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At the Korean line Plastic Island, marketing manager Kyutae Kim said demand for skirts was rising. “We are seeing that dresses were still strong, but buyers were surprisingly a lot more interested in bottoms,” she said, pointing out a lightweight miniskirt that wholesales for $42.
Though the line displayed only 15 summer styles, which wholesale from $36 to $62, retailers weren’t shy about a color palette saturated with oranges, reds and corals. To supplement those shades, Kim said horizontal inch-wide stripes in gray-and-white and gold-and-white also found a following.
Nonetheless, because the five-day trade show focused on one of the year’s smallest seasons, buyers complained about the limited number of collections shown. “I didn’t order anything at all; it seemed like the designers didn’t have much to offer,” said Kristen Eder, a buyer from the Chicago area, whose two shops carry lines including 12th Street by Cynthia Vincent, Nolita, Theory and Vivienne Westwood. “I’m now just going to focus on picking up jewelry and accessories so the trip isn’t a total waste.”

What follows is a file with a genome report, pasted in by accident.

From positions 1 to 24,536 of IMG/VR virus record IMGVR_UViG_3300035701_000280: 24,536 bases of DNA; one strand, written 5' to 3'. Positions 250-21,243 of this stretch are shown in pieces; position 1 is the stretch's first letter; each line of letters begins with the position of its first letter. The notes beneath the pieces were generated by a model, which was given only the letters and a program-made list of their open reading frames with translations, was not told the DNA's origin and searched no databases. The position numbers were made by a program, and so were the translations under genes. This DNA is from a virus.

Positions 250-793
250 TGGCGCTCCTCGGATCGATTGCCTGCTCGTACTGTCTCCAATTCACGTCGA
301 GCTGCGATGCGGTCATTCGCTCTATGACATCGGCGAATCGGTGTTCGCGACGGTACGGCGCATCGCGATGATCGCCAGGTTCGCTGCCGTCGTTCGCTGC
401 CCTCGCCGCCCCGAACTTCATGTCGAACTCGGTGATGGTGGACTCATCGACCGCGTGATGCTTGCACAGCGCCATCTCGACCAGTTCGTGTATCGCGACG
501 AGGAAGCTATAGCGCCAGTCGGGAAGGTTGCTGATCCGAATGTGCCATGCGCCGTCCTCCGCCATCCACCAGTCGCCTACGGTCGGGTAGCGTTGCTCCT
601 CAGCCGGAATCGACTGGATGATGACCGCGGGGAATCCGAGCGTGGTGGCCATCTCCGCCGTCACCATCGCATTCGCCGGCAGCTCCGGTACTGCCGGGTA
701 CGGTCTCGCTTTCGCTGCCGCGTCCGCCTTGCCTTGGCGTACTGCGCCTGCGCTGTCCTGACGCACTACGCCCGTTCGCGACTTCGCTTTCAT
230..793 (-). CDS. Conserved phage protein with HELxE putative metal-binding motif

Mary Kawano, who owns two contemporary boutiques in Sacramento, Calif., said: “I felt it was a lot of the same things I had already seen before. My focus right now is on organic casualwear and cute comfortable tops for summer, but also some drapey warmer sweater tops for right now.”
Despite the focus on warm weather, contemporary line Ever scored with its washed lambskin leather jackets, mainly because the items, which wholesale for less than $400, sold out in the fall, holiday and spring collections. “At retail, women invest in leather and dresses,” said Kristin Barone, head of women’s sales for the Maywood, Calif.-based company.
The best way to describe what resonates with buyers is “easy statement dresses,” said Danielle Stapen, sales manager at New York’s Alice + Olivia, which showed at D&A. Top sellers included a $167 square-neck voile dress accentuated with floral embroidery and a $180 one-shoulder silk chiffon minidress incorporating details such as pintucking, pleats and eye-popping tints of kelly green and yellow.